Although we've been putting food out at night as usual, we hadn't seen a Badger this year. The food was gone in the morning, but was still there each night when we went to bed. Last night I put some peanuts and chicken skin out quite early and got on with doing other things. At 10.30 p.m. when I checked, it had all gone. I was surprised as I thought I'd been looking frequently enough not to miss any arrival. I decided to put some more out and hope for a return and at about 11.35 p.m. I was rewarded.
Pam watched from one window, with a spot light while I photographed from another. It didn't mind the torch and only jumped momentarily when the flash went off the first time. After a sniff around to see if the coast was clear it settled down. It was a fairly small, slim badger with no noticeable scars and a well covered rear. Older badgers get bald spots on their rumps and often show scars from fighting. We both though that this was a youngish animal, possibly a female, although I don't think that it is as easy to tell the sexes apart by their head shapes as is sometimes claimed.when she was happy that the coast was clear she got down the nuts. I don't know for sure it's the same one back for second helpings, it could have been a different one.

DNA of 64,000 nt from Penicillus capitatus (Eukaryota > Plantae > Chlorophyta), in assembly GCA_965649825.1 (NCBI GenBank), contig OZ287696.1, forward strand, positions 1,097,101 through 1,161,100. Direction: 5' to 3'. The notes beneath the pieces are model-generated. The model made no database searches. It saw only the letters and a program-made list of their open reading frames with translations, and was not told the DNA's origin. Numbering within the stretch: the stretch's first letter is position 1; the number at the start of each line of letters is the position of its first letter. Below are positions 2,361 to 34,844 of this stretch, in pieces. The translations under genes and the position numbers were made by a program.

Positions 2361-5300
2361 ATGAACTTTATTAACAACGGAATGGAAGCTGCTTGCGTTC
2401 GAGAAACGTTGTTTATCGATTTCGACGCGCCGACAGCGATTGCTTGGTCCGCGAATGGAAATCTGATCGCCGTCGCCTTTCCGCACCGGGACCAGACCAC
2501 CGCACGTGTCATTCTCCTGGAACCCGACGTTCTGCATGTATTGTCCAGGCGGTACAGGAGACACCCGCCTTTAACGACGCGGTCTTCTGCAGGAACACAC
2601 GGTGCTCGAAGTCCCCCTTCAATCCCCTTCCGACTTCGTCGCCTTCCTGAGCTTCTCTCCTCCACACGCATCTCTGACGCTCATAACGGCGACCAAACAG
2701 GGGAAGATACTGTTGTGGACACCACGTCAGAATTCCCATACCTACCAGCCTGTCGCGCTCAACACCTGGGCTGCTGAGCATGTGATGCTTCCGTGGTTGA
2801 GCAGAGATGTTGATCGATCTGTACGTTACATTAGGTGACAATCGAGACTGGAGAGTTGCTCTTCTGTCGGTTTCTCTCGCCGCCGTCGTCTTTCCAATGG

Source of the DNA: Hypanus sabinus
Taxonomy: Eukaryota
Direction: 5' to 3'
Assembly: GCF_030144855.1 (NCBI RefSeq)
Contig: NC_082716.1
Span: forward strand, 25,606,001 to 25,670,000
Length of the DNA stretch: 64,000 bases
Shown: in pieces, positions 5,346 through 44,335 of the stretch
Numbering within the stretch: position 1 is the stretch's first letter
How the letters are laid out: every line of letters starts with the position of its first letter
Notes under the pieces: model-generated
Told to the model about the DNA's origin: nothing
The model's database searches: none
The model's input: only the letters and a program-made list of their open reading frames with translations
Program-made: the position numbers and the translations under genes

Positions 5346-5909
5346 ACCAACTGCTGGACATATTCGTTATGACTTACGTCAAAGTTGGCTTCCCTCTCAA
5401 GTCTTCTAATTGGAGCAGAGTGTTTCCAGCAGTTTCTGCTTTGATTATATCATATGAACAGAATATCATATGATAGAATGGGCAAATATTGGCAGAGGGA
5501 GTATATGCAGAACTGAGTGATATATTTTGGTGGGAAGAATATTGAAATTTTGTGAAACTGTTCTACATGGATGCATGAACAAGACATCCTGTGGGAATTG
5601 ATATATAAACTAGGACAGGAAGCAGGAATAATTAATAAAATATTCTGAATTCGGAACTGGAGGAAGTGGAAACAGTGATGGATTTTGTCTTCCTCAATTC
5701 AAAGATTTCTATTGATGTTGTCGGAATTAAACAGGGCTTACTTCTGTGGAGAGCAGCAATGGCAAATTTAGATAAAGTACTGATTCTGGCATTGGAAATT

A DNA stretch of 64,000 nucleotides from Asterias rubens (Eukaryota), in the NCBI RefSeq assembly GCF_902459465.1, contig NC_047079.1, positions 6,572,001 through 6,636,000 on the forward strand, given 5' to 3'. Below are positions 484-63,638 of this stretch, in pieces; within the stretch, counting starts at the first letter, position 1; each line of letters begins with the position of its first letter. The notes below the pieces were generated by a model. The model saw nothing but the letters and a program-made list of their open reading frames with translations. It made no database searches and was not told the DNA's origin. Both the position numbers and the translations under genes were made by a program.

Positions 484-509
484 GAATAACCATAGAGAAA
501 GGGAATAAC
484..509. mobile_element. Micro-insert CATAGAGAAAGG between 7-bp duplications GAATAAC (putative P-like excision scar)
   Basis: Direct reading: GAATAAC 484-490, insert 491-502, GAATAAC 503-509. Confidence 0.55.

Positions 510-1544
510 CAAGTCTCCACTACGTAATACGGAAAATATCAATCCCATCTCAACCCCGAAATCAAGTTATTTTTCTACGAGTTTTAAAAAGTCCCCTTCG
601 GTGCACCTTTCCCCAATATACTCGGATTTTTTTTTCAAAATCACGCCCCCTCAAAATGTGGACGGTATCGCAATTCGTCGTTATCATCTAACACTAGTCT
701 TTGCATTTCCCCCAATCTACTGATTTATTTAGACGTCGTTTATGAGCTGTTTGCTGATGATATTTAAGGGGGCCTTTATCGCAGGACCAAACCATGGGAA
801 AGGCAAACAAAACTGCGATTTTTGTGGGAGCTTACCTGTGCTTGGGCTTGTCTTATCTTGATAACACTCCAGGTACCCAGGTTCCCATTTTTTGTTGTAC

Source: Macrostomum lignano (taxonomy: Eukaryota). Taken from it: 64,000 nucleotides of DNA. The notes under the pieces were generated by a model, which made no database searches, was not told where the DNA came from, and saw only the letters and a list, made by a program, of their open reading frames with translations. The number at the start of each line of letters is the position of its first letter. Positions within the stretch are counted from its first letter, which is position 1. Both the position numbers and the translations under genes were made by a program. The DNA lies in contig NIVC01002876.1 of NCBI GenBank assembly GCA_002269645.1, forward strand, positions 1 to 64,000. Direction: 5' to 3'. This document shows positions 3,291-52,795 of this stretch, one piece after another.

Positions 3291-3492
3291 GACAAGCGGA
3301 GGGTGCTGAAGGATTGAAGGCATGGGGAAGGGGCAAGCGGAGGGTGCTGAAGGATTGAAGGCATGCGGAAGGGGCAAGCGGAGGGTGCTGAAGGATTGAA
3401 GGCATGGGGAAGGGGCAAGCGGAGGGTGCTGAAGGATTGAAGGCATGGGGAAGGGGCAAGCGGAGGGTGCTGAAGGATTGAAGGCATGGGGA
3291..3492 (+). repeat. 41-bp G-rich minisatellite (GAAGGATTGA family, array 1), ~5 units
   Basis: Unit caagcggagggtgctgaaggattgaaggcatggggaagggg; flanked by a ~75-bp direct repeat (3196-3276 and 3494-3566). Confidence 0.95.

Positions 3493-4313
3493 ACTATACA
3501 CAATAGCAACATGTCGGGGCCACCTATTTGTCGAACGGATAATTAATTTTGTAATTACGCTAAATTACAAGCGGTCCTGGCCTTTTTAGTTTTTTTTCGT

When you watch a badger eating it is surprising how far back the mouth is set. They sometimes have difficulty picking the nuts up. The pointed snout is ideal for making holes in our lawn to get at earth worms. Fortunately I'd rather watch them than have a flat lawn, although Pam's not too pleased if they dig up plants she's just put in the borders.